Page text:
Simon Borchardt

European excursion makes sense for Springboks

The Springboks should play in the ‘Eight Nations’ tournament instead of the Rugby Championship.

On Saturday, French Rugby Federation president Bernard Laporte said the Six Nations were in advanced discussions with SA Rugby about the Boks joining an eight-team European-based tournament scheduled to take place from 14 November to 5 December. This followed Japan’s decision to withdraw from the tournament due to the Covid-19 pandemic.

If the Boks did join the Eight Nations, they would reportedly be in Pool 2 with France, Scotland and Italy, with England, Wales, Ireland and Fiji in Pool 1. The top team in each pool will contest the final at Twickenham on 5 December, with the other teams also playing a fourth match.

Until Laporte's revelation, it appeared that if the Boks played at all in 2020, it would be in the Rugby Championship, which Sanzaar hopes will take place in New Zealand from 7 November to 12 December.

However, now that SA Rugby has another viable option, it would be better for the Boks to go north in November, rather than south, for several reasons.

South Africa's domestic tournament is expected to kick-off on the weekend of 25-27 September or 2-4 October.

Let’s assume it’s the latter. That would allow the locally-based Boks to play in four rounds of domestic matches before leaving for New Zealand, considering they would go into quarantine for two weeks upon arrival.

Playing in the Eight Nations tournament, which will start a week later than the Rugby Championship, would allow the locally-based Boks to take part in a fifth round of domestic matches. That could prove crucial in terms of getting them match-fit for Test rugby.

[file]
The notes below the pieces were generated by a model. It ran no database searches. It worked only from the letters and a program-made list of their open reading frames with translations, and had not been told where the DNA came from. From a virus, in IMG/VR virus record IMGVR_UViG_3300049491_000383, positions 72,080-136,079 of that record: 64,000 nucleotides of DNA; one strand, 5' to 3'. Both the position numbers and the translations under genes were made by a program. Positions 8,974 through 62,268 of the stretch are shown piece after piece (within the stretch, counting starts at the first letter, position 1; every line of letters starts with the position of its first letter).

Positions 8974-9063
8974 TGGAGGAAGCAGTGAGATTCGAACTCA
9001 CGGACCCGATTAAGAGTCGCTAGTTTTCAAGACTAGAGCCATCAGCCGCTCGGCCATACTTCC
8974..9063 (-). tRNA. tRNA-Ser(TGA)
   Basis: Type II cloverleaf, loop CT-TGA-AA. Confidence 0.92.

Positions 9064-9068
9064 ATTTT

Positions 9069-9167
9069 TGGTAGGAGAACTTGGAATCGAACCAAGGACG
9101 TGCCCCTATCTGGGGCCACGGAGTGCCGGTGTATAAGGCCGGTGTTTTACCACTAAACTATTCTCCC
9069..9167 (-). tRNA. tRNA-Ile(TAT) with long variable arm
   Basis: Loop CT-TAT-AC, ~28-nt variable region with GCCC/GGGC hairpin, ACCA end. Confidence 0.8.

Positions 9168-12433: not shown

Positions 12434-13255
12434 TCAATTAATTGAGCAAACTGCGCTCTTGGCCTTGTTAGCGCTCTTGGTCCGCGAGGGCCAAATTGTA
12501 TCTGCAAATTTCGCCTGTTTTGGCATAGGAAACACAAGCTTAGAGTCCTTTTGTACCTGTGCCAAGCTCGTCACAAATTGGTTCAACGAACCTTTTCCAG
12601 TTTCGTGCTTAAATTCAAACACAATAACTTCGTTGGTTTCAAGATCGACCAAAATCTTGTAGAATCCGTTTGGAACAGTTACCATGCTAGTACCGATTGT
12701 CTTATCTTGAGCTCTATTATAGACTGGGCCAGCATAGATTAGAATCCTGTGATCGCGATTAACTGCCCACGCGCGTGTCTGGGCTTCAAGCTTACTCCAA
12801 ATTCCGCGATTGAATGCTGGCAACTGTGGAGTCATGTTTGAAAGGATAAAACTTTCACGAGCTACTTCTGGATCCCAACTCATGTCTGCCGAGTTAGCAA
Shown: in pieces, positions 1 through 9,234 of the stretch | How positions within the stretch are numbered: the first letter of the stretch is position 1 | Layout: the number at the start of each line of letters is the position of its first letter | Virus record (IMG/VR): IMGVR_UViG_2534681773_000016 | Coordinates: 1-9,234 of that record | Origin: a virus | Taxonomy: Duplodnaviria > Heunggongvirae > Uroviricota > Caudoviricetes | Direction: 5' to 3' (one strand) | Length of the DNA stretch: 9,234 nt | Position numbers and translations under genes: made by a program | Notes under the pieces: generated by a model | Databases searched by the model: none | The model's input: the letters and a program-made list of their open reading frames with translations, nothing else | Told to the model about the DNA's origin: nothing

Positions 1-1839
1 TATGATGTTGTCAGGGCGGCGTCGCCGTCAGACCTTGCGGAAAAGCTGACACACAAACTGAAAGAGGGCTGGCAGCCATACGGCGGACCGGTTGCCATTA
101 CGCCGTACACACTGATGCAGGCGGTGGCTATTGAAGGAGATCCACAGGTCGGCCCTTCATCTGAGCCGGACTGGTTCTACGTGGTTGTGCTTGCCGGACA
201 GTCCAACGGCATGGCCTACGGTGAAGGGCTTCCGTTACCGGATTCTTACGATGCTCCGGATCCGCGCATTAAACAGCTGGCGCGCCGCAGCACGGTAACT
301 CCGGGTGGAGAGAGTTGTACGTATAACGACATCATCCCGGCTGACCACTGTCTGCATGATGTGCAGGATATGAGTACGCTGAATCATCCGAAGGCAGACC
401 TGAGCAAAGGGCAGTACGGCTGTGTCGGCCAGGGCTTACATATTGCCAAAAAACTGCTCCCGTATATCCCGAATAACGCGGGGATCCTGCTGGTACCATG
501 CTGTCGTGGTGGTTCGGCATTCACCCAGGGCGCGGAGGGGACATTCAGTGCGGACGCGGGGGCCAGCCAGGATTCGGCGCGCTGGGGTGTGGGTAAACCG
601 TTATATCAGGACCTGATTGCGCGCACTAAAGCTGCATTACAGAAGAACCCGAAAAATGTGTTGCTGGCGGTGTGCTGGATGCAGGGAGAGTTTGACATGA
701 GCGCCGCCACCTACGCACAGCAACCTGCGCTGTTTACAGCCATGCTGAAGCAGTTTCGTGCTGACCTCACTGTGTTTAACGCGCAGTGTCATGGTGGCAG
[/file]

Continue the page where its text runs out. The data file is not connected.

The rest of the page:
The Boks – whether they play in the Rugby Championship or Eight Nations – will rely heavily on their European-based players, as those in England have been playing in the Premiership since mid-August and those in France are set to return to Top 14 action this weekend. It would be far easier for them to join the Bok squad in Europe than travel halfway across the world to New Zealand.

Then there’s the fact that the All Blacks will be battle-hardened in November, having played high-intensity rugby since mid-June when Super Rugby Aotearoa began. By the time they face the Boks, the All Blacks will probably have played the Wallabies twice and be razor-sharp.

The undercooked Boks would therefore be at a massive disadvantage and two big defeats on New Zealand soil wouldn't be a surprise. However, it would still result in South Africa’s World Cup euphoria evaporating and new coach Jacques Nienaber put under pressure.

In the Eight Nations, the Boks would face easier opposition in France, Scotland and Italy, and if they did end up playing England, Wales or Ireland in the final, they would be in good shape to do so.

SA Rugby should do the sensible thing – let the Boks play in Europe later this year and then rejoin the Rugby Championship in 2021.

– Borchardt is the editorial director of Follow him on Twitter.